Technion’s new campuses a dream come true for sleep guru

When Israel’s oldest university was launched in 1912 as the “Technikum,” most of the professors there wanted German to be the language of instruction.

But Hebrew won the war of the languages, and it maintains its dominance on the Haifa campus, which these days also offers instruction in Russian, French and English.

Peretz Lavie

Now, as the Technion Israel Institute of Technology expands into New York and China, a more peaceful “war of languages” has come into play, and this time, the winner on the new campuses is English.

“English is the language of science,” Peretz Lavie, the Technion’s 16th president, said during a recent talk to American Technion Society supporters and Silicon Valley scientists.

Lavie spoke earlier this month at Mountain View’s Computer History Museum, a week after Israeli Prime Minister Benjamin Netanyahu and Gov. Jerry Brown shook hands on a tech deal at the same location.

During the talk, museum president and CEO John Hollar traced Technion’s history — from its beginnings under the Ottoman Empire to its transformation into what he called “the engine behind a startup nation.”

The Technion has propelled Israel from “stones to semiconductors,” Hollar added.

Much of Lavie’s talk focused on his excitement over two new Technion developments. The Joan and Irwin Jacobs Technion-Cornell Innovation Institute on Roosevelt Island in New York City’s East River is slated to open in 2017.

And in southwestern China, the institute is developing the Technion Guangdong Institute of Technology in partnership with Shantou University and the Li Ka Shing Foundation.

Lavie, a pioneering sleep researcher, is the Technion’s first president to specialize in the life sciences. In 1975, the year he joined the faculty, he founded the university’s Sleep Research Laboratory and the Center for Sleep Medicine — long before sleep medicine became a recognized field.

Artist’s rendition of the New York City campus of the Technion, located on Roosevelt Island photo/courtesy new york city mayor’s office

Lavie called the 1969 launch of the university’s faculty of medicine a “milestone” that made it possible for a sleep specialist to one day become Technion’s president.

“In the future,” he said, “medicine and technology will be walking hand in hand.” He also said he foresees increasing collaboration between the fields of electrical engineering and computer science.

Lavie has published more than 400 scientific articles and eight books on sleep research and sleep disorders. One of his books, “The Enchanted World of Sleep,” has been translated into 15 languages.

One of his many studies examined the trauma of Israeli Holocaust survivors by studying their sleep patterns. The results were surprising. The “super-adjusted” survivors, those who were not preoccupied with past traumas, had a 33.7 percent dream-recall rate, while those who appeared more traumatized had a 50.5 percent dream recall rate. In addition, they were far more likely to have nightmares.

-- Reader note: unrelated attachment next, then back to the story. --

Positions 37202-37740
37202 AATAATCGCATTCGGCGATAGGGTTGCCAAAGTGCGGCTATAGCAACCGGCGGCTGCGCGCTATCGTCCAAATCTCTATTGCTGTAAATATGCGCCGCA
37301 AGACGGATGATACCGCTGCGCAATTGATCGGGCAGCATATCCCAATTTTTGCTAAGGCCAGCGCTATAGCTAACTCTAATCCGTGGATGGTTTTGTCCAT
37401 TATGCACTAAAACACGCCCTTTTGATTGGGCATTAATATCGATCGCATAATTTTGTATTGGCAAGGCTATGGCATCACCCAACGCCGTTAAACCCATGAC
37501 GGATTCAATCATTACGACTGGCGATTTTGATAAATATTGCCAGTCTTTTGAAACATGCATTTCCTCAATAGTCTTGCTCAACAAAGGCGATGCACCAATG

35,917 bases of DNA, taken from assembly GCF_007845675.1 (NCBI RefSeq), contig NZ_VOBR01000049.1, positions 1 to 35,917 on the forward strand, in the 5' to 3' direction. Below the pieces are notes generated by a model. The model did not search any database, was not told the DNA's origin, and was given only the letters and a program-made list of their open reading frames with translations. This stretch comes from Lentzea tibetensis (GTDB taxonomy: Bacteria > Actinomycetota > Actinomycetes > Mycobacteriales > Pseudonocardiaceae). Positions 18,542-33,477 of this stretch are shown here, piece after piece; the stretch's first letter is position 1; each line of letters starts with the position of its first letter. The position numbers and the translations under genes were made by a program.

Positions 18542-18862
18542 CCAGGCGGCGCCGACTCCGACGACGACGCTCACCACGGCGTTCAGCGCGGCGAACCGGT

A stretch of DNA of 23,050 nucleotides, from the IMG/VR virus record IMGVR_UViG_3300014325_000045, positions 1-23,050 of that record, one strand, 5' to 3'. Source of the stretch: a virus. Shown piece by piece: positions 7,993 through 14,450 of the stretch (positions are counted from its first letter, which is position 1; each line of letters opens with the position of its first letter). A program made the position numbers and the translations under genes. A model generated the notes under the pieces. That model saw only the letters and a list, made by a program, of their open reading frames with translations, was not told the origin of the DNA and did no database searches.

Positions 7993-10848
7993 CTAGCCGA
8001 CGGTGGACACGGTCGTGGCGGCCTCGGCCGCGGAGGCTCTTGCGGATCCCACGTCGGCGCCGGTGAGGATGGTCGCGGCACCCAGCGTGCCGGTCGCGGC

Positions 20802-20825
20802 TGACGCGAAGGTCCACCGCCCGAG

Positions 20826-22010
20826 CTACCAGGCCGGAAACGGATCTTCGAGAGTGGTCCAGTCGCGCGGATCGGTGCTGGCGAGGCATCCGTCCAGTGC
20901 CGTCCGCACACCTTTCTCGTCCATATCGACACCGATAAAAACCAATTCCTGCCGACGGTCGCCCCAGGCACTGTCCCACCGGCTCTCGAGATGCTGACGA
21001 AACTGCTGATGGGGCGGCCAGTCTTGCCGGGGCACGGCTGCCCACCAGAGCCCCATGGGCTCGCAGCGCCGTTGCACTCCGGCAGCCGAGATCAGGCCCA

While the second-generation may have blamed their parents for not sharing their experiences during the Holocaust, what the children don’t realize is “that this was a [survivor’s] defense mechanism,” he said. The study seems to conclude that “in order to survive tremendous trauma, one must suppress dreams of memories. … I must say, the psychiatrists weren’t happy with us.”

Subsequent studies with firefighters who had traumatic patterns and sleep disorders in reaction to 9/11 bore out those findings, he said. “The firefighters who were debriefed suffered more” because that kept the experiences alive, Lavie said. “Those with less recall were better off.”

Of course, not much is better than a good night’s sleep accompanied by sweet dreams. Just ask the students from Meira Academy, an all-girls Orthodox high school in Palo Alto. The school’s 19 students met Lavie and his wife, Lena, after the talk and posed for photo.

Six of them said they want to be scientists. Others had more immediate yearnings. “We like sleep,” the teens said in unison.

Peretz Lavie’s key findings on sleep

• People have a “Sleep Gate,” very specific optimal times for going to sleep. It’s a narrow window during which the brain can easily make the wake-to-sleep transition.

• Most people don’t obey their “Sleep Gate.”

• Our most alert time of the day occurs in the two hours prior to the “Sleep Gate.”

• Males with sleep apnea (improper breathing) produce lower levels of testosterone, resulting in decreased libido and sexual activity.

• Men ages 20-29 with severe sleep apnea have 10 times the risk of dying from heart-related ailments than other men their age.

• Most victims of trauma do not suffer from insomnia. They often confuse their fear of going to sleep with an inability to fall asleep.

Some of his suggestions for a good night’s sleep:

• Do not smoke, exercise or eat heavy meals before going to bed.

• Keep your sleep/wake schedule constant.

• Create a good sleep environment. Shade out morning sun and don’t use ticking clocks.

Source: American Technion Society (

Janet Silver Ghent
Janet Silver Ghent

Janet Silver Ghent, a retired senior editor at J., is writing a memoir on her late-life romance. She lives in Palo Alto and can be reached at [email protected].